Everybody was in disbelief, we all began crying together. They brought me into the principal’s office, and we all made a big lechaim together.

Within hours, the whole staff in the whole school campus knew, and in all of Tsfat too.

When I called to tell my mother, I asked her, “Eema, are you sitting down?” She was in Heaven when she found out, really. Everybody was so happy for me. Nobody could believe it.

Giving Birth

I gave birth on the 10th of Shevat, which was the day the Rebbe became the Rebbe, which I feel is a big merit. My husband is very connected with the Tanya, so we named our daughter after the Alter Rebbe’s mother, whose name was Rivka.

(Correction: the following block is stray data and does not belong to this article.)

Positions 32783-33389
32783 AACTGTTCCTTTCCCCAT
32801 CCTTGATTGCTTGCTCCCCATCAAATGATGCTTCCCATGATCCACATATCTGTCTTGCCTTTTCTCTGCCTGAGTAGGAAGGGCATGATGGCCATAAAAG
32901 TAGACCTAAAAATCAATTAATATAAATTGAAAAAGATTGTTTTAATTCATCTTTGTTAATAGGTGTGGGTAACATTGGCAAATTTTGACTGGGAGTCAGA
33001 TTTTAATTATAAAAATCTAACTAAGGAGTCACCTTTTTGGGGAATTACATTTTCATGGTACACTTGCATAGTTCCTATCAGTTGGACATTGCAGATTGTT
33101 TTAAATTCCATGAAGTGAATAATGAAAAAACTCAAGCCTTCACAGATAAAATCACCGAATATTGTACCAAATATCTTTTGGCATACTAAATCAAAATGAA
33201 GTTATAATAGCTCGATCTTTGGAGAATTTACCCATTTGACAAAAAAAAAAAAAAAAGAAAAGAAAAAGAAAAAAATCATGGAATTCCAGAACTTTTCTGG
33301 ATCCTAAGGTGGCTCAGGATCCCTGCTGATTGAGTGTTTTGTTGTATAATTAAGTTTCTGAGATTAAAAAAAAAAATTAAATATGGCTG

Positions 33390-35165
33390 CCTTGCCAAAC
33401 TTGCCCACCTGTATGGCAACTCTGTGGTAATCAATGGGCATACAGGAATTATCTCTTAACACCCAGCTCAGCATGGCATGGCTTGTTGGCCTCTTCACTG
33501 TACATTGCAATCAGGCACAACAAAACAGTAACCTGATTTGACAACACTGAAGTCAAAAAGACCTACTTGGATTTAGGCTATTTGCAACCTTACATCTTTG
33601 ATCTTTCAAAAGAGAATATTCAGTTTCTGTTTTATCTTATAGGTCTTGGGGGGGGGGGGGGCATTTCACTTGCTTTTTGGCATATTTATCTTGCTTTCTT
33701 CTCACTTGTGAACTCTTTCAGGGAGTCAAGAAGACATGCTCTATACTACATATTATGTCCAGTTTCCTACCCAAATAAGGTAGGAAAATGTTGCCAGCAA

I feel like I switched professions after all these years, and I’m enjoying every single minute of it. I don’t mind waking up in the middle of the night, and all that. Not at all. Being with Rivka is like watching a movie, I just look at her and it’s constant entertainment.

They say that the Redemption and Moshiach will arrive in the blink of an eye, and that the exile will feel like a dream. Sometimes it’s hard for me to believe that it’s here, and that this baby I prayed for and waited for so many years has finally arrived.

To tell you the truth, I still feel as though everyone’s talking about someone else having a baby after 22 years of marriage. I can’t believe they’re finally actually talking about me.


  1. brought me the tears reading this.

  2. Maurice Herman

    What a wonderful interview which reflects the situation and the personalities involved so well.